According to 85% of families, they want their children to grow up in a country with a stronger sense of community. What have these families being doing? They have the opportunity to educate their children about community, but I see too many families failing to teaching their children anything about civics and community, and as soon as schools or people in the community want to enforce civics and community, these same parents cry foul. And how many of these parents take steps to stop their children from watching the celebrity rubbish of TV? Seems to me these parents are not prepared to take responsibility. Take for a licence to breed? I need one to drive a car, lorry or own a shotgun.

While many of those of us who work are unhappy with what we see around us, what are they doing about it. It is easy to talk and moan, but harder to act.



posted on Nov, 4 2012 @ 06:14 PM
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Originally posted by TheBlackHat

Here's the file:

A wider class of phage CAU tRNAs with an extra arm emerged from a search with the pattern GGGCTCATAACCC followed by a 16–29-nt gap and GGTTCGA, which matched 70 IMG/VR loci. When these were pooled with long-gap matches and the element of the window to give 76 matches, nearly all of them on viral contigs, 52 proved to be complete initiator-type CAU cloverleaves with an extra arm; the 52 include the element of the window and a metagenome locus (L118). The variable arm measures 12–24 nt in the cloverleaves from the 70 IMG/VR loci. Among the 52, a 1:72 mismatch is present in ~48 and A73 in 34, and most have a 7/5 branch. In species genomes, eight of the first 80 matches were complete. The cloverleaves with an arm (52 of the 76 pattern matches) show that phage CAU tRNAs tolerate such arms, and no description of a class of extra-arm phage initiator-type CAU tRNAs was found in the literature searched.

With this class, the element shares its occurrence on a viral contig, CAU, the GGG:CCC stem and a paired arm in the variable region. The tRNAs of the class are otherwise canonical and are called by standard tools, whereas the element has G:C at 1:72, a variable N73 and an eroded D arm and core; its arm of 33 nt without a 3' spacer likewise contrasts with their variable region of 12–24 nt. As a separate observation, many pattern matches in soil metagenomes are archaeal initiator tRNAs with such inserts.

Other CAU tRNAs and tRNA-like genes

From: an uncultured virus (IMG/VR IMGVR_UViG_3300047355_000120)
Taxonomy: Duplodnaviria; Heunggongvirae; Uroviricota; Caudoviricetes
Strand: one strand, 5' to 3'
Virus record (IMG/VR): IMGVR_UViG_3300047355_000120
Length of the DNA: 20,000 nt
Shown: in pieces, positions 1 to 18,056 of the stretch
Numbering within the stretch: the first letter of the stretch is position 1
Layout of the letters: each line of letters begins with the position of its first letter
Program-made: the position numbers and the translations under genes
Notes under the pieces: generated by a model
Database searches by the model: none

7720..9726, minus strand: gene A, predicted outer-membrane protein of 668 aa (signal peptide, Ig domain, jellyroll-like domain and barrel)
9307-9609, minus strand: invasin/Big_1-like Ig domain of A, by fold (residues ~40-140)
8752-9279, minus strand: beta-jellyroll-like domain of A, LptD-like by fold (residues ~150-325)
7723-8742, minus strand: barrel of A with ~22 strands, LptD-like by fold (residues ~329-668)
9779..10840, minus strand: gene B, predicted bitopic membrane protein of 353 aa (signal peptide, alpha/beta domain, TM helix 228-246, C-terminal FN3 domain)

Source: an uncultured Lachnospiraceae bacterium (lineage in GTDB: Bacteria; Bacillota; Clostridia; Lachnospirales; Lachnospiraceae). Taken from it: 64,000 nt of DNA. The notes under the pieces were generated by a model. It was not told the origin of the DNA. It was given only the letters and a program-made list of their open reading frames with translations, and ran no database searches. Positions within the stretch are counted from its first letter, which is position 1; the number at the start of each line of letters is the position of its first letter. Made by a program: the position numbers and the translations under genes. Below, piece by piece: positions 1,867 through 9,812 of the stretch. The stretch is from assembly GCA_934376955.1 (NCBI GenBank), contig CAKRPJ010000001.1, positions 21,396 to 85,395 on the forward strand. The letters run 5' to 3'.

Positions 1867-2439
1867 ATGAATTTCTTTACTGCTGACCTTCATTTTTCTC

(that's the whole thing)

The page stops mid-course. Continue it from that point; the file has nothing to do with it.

reply to post by MaMaa
 


Brits are cynical...in general....I lived in the states a while...and the people i got on best with were New Yorkers...They are a cynical bunch too..and like to argue...which apparently suits my personality.. probably due to NY being overcrowded and a place where people tend to be aprehansive about other people.

The Americans I didn't relate to, were the ones, who never listen to the news...and seem to live in a bubble...You kind of have to have had a few scrapes and battles in life for me to understand where your coming from.

I love how a lot of Americans are not cynics though..its something that always attracts me..but I really think a lot of sunshine and blue skies make a big difference in a persons outlook...and also having a lot more space in a lot of states...and not being attached to your next door neighbor makes a huge difference in a persons mentality. as in the UK almost every house is..what we call..a terraced house...its attached directly to the home next to it..so you get very little privacy..and if you dont like your neighbors you simply cannot ignore them as they are so damn close to you. This proximity has led to untold misery among most neighbors..as most people tend to fall out when they are joined togeather.




edit on 3-11-2012 by TheBlackHat because: (no reason given)